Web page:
Thursday, 11 February 2010

Reach for the thigh

Measure for measure, drop for drop and pound for pound we're taking stock.

Yes Ian McCulloch, you miserable Scouse git, we are indeed. Or rather, I am. Some bright spark suggested I include a 'Thigh-o-meter' in the blog to track how 'monstrously girthed' (don't Google it) I'm becoming.

I'm no graphics wizard, so there's absolutely no chance of anything clever appearing on the sidebar, but what I will do is commit to measuring my thighs every week and posting the measurements on here. You'll no doubt be delighted to know that pictures won't be accompanying said stats.

Of course, nothing is ever simple in life. The only tape measure in the house is one of the metal snap-back variety, more usually employed in routine DIY operations than press-ganged into limb-measuring detail. Now if you've never tried bending sharp-edged metal tape around the top of your thigh, especially near the sensitive inner parts, let me counsel against it right now.

Luckily, after a couple of frankly futile attempts, I have the (as I see it) inspired brainwave of using a piece of string and measuring that instead. And how long is a piece of string? Well, in this instance exactly 60 centimetres, which by amazing coincidence also happens to be the circumference of the top of my right leg. And my left too in a reassuring piece of symmetry.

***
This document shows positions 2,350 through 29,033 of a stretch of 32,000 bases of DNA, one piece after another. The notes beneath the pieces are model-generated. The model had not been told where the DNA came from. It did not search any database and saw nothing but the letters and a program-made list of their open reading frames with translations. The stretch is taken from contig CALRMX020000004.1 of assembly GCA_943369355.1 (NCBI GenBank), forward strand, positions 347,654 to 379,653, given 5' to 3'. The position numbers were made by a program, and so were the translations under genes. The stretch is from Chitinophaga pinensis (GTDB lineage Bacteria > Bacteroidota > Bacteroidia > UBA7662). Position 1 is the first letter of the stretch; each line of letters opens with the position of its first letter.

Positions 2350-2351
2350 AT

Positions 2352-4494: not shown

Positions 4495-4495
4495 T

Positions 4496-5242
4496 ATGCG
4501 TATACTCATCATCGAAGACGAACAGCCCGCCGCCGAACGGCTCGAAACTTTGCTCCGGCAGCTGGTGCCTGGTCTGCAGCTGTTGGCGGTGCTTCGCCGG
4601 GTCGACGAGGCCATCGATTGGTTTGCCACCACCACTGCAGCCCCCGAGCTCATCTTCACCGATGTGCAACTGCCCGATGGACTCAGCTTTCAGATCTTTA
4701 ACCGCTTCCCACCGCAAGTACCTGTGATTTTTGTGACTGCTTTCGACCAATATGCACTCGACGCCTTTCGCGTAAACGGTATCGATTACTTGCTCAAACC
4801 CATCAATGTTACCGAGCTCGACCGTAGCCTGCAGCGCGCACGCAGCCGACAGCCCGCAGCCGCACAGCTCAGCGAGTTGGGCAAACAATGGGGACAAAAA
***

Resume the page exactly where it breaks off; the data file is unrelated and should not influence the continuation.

This week's turbo torture sessions are somewhat misleadingly titled 'Stairway to Heaven'. They're designed to build hill strength (yes, I looked at the internet to find them) and consist of warming up for 10 minutes.

You then flip to the big chainring and pedal at a reasonably high cadence for three minutes. Then you change up two gears, maintaining the same cadence, for two minutes, then up two sprockets again for one minute. You're allowed two minutes 'rest' on the small chainring, then do the lot again. I repeat four times in a session, then spend a further five or six minutes spinning at the highest cadence possible in a fairly hefty gear before warming down for another 10 minutes.

It's ruddy hard. I don't think there's necessarily more exertion involved than what I was doing last week, but it's the sudden jumps in resistance that really take it out of you. But although it hurts while I'm doing it, recovery seems to be a lot quicker than before. Proof positive I'm getting fitter.

So perhaps it's not all about thighs after all.


  1. Are you seriously going to attempt the Marmotte and the Dragon on the basis of turbo-trainer training alone?!

    Try doing some Audax rides now to see how you get on in the great outdoors:

    you are London right? Look at the ones for Henham and Ugley in Essex.

  2. Wotcher, Paul. No, I'm not that daft. I'll be getting out and about as soon as the weather picks up and, more importantly, once I've got my new bike. There's a fair few training weekends in south Wales planned as well, along with plenty of longer weekend rides when I get the time. All of which I'll be writing about in due course.

    The turbo trainer is just for the time being.